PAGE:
Dr. Mugisha sets agenda for new term as continental conference reaffirms commitment to achieving universal access to water and sanitation
Abidjan, Ivory Coast | THE INDEPENDENT | The 21st African Water Association International Congress and Exhibition, and the 7th Faecal Sludge Management Conference has closed in the Ivorian commercial capital, Abidjan, with a call for stronger commitments to ensure universal access to clean water and sanitation for all by 2030.
The conference that was held from February 19 to 23rd—gathered over 2000 social and economic actors including experts and researchers— who jointly stressed that tackling the challenges of water and sanitation in Africa has become more imperative as the continent continues to experience the highest population growth.
The conference, also attended by leading financial institutions such as the African Development Bank (AfDB) discussed the urgency of redefining local government planning for sanitation, as well as the role of the private sector in achieving the United Nations Sustainable Development Goal 6 (SDG6) on universal access to water and sanitation by 2030.
In a joint declaration announced at the end of the weeklong event, African water sector players called recommended financing facilities for access to drinking water services in critical infrastructures such as Health centers and schools.
“We aim at mobilizing sufficient and sustainable financial resources for African countries for the financing of planning and pre-project studies project, financing of new investments, financing of maintenance and management of drinking water and drinking water access facilities sanitation in rural areas, peri-urban areas and Urban,” the declaration reads in part.
Dr. Silver Mugisha, the African Water and Sanitation President and the managing director of the National Water and Sewerage Corporation(NWSC) in Uganda highlighted five areas for utility managers in Africa to pay close attention to including technological innovation, evolving sustainable infrastructure financing options, strengthening people and systems, streamlining corporate governance and enabling conversation, and inculcating a strong culture through relevant capacity building and learning systems.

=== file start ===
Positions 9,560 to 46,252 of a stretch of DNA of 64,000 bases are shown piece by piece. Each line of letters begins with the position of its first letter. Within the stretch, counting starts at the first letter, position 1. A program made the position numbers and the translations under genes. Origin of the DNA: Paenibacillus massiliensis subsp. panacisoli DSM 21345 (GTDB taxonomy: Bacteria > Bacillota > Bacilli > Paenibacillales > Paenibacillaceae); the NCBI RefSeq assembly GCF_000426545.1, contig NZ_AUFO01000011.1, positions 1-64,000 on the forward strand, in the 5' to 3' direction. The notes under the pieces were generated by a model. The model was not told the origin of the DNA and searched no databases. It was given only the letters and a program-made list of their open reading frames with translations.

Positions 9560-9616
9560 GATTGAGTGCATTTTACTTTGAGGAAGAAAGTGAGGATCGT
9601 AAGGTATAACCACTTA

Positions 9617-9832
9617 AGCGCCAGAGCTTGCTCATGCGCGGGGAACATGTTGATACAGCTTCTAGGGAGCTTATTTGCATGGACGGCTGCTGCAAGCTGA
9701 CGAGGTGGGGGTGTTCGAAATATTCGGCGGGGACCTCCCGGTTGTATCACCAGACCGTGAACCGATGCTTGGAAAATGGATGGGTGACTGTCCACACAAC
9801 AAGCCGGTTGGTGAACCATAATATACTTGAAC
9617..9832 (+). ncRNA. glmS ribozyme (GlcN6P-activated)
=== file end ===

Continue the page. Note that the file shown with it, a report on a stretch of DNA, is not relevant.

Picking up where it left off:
Dr. Mugisha who was during the congress re-elected to head the group for another two-year term (2023-2025) also announced the change of the Association’s name to the “African Water and Sanitation Association” to include sanitation, and called for solutions building for both water and sanitation.
He appealed to the participants to go back with actionable take-home ideas for the interests of the people in different African societies in the water and sanitation sector.
He said the water and sanitation sector is grappling with strategic plans with inadequate clarity, aging infrastructure, rapid urbanization which stresses the water system, and insufficient infrastructure financing, resulting in operational inefficiencies.
He said that the AFWSA board had come up with a reformed, strategic and technical council with a number of specialized reforms aimed at increasing the offering the association shall be giving to the members and also do more in enhancing budgets.
“We are going to increase the budget for the establishment of the African water academy and we are going to do that as another vehicle for giving a better offering to our members,” he said.
Osward Chanda, the director water development and sanitation department at the AfDB highlighted the benefits of investing in water and sanitation – contributing to 1.5% of the global GDP and generating at least 200% for each dollar invested.
He also said that challenges of water and sanitation require innovation and approaches aimed at increasing access to water and sanitation in Africa adding that water is a resource that creates jobs and facilitates sustainable development.
He urged greater response and awareness, including more funding to improve access to water and sanitation for all.
Chanda added that water and sanitation are at the heart of sustainable development and key to the survival of all people.
Chanda also commended Uganda NWSC as one of the most innovative utilities in Africa.
He said AfDB was very happy with Dr. Mugisha -led NWSC—saying that they Ugandan utility body has remained a trendsetter for Africa.
“AfDB is very happy with NWSC as a trendsetter utility. We urge them to innovate more. Innovate more, continue to digitize and count on our support,” he added.
Jennifer William, Executive Director of Fecal Sludge Management Alliance, reiterated the need to do more to achieve the UN Sustainable Development Goal 6 of clean water and sanitation for all by 2030.
She called for the preparation, engagement, and mentoring of women and youth in the sector.
“We must prepare our leaders of tomorrow to let them be seen, heard, and give them space to lead us. The younger generation can teach us how to set aside our differences and work together.”